When it is time to relocate, your client is not just moving into a new home, they are moving to an entirely new neighborhood with different sights, sounds, adventures and offerings.

Neighbors and neighborhoods can make or break a living experience, and yet are so easily overlooked when a client’s only focus is finding the perfect house.

Before your client moves, it’s important that you encourage them to do their research and look into the neighborhood, meet the neighbors and get a sense for what it would be like if they chose to settle in a specific area.

To get started, here is a brief list of things to consider when helping a client make their final decision.

Meet the neighbors.
  • Encourage your client to walk around the neighborhood in the evening, see who is out and about and introduce themselves. You can do this as well! Asking a few locals about the neighborhood is surely the easiest way to glean an impression and get the insight your clients need.
Pay attention to what the location offers.
  • Although it is all about individual preference when selecting an area, it is beneficial to ask some general questions to really define priorities. Do your clients want to be close to public places or would they rather be away from potential noise and crowds? Does walking distance to neighborhood recreational areas, restaurants or grocery stores sound nice, or is a drive acceptable to get to those locations? Helping your clients consider these questions is how you ensure their future home-owner happiness.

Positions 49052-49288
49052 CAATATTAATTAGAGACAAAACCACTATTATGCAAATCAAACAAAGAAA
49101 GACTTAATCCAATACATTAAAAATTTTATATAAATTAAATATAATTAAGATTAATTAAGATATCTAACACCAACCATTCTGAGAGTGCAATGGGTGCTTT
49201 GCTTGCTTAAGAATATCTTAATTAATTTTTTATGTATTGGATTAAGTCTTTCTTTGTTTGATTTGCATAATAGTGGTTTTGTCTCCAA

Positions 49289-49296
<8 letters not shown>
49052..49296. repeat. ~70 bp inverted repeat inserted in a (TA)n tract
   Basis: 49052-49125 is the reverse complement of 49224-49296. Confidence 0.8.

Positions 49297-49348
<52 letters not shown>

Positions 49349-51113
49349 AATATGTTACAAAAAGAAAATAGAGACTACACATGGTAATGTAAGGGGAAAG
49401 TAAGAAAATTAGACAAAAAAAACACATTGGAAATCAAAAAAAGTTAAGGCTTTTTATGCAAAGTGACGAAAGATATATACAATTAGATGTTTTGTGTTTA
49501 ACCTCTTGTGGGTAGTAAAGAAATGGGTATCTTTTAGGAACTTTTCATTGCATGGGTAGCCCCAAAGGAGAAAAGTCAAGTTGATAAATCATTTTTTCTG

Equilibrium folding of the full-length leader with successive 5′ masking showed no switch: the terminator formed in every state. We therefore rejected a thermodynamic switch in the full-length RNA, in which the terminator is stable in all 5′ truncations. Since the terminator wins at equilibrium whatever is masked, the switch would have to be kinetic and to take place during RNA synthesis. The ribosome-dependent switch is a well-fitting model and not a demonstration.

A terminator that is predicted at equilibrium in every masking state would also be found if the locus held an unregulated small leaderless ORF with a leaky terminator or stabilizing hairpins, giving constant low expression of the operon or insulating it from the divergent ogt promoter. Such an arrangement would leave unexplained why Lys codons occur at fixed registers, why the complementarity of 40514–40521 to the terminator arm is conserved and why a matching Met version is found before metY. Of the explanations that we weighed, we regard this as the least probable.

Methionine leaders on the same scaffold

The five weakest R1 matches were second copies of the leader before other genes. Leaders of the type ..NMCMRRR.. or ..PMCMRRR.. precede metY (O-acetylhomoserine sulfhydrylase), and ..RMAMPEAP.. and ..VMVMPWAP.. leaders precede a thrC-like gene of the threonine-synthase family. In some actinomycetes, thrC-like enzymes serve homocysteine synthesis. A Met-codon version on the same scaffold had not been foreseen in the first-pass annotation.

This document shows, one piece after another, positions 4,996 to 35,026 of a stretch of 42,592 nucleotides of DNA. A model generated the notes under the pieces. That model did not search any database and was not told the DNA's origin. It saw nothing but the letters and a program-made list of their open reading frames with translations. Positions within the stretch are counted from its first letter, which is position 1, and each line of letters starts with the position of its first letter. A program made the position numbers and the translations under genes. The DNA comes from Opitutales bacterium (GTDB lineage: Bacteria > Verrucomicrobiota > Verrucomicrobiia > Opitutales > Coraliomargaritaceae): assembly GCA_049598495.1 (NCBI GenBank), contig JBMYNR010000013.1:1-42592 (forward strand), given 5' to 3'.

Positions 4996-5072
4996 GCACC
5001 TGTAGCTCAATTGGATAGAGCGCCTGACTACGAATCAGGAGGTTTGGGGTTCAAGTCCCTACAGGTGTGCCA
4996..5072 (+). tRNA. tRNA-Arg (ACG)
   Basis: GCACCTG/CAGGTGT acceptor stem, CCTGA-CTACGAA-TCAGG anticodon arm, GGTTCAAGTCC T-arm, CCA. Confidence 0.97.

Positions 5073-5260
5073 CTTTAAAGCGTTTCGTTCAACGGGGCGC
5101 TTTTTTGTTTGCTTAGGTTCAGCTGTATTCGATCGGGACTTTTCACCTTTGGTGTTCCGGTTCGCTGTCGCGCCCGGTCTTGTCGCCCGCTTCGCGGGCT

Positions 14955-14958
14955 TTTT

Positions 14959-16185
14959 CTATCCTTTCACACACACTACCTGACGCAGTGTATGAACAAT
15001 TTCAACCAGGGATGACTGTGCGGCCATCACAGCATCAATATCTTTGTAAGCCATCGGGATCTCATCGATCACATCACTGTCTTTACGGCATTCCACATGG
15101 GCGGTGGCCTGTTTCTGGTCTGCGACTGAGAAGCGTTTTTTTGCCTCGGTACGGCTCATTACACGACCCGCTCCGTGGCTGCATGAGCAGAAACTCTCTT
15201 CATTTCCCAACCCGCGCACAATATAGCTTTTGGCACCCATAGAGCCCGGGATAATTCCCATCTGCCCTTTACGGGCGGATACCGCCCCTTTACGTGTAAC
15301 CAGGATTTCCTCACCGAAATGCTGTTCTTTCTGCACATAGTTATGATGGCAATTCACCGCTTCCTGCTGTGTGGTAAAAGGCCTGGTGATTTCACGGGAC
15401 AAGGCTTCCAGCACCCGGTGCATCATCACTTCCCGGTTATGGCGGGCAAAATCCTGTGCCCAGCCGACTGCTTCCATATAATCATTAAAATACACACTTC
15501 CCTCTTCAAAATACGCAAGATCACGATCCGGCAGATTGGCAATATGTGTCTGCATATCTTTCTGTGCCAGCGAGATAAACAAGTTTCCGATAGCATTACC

What is the view and landscape like?
  • From newer neighborhoods to more established ones, the scenery can offer big differences in the visual arena. Your clients may be excited about a newer neighborhood location to watch the surroundings evolve, grow and develop or they may be interested in an area that has been in existence longer, with lots of full-grown trees and well rooted landscaping. Either way, the view of their surroundings can mean a lot or very little to a client, but it is another element that should not be overlooked.
Consult with the city.
  • A client may believe they’ve found the perfect sanctuary of solitude—no neighbors as far as the eye can see and perfect tree cover to protect their privacy. However, so much of that can change with city plans or local building permits being issued. When that is set in motion, land begins to be cleared and altered for new projects or breaking ground happens to make way for new homes. Help your clients ask the right questions to discover what the city plans are for the area, so they know what is in store around their potential future property.
Look into local crime.
  • Encourage your client to look into crime and offender statistics and consider these as they prepare to make a final decision. A house may seem perfect and financially feasible, but the location could be less than ideal when it comes to crime. It can be an awkward topic, but a good one to bring up so your client can be well-informed.

While these are just a few ideas to get started, we know that working with clients has opened your eyes to all sorts of preferences and priorities. We’d love to hear from you on what insights and questions you present to help your client select the ideal neighborhood for them!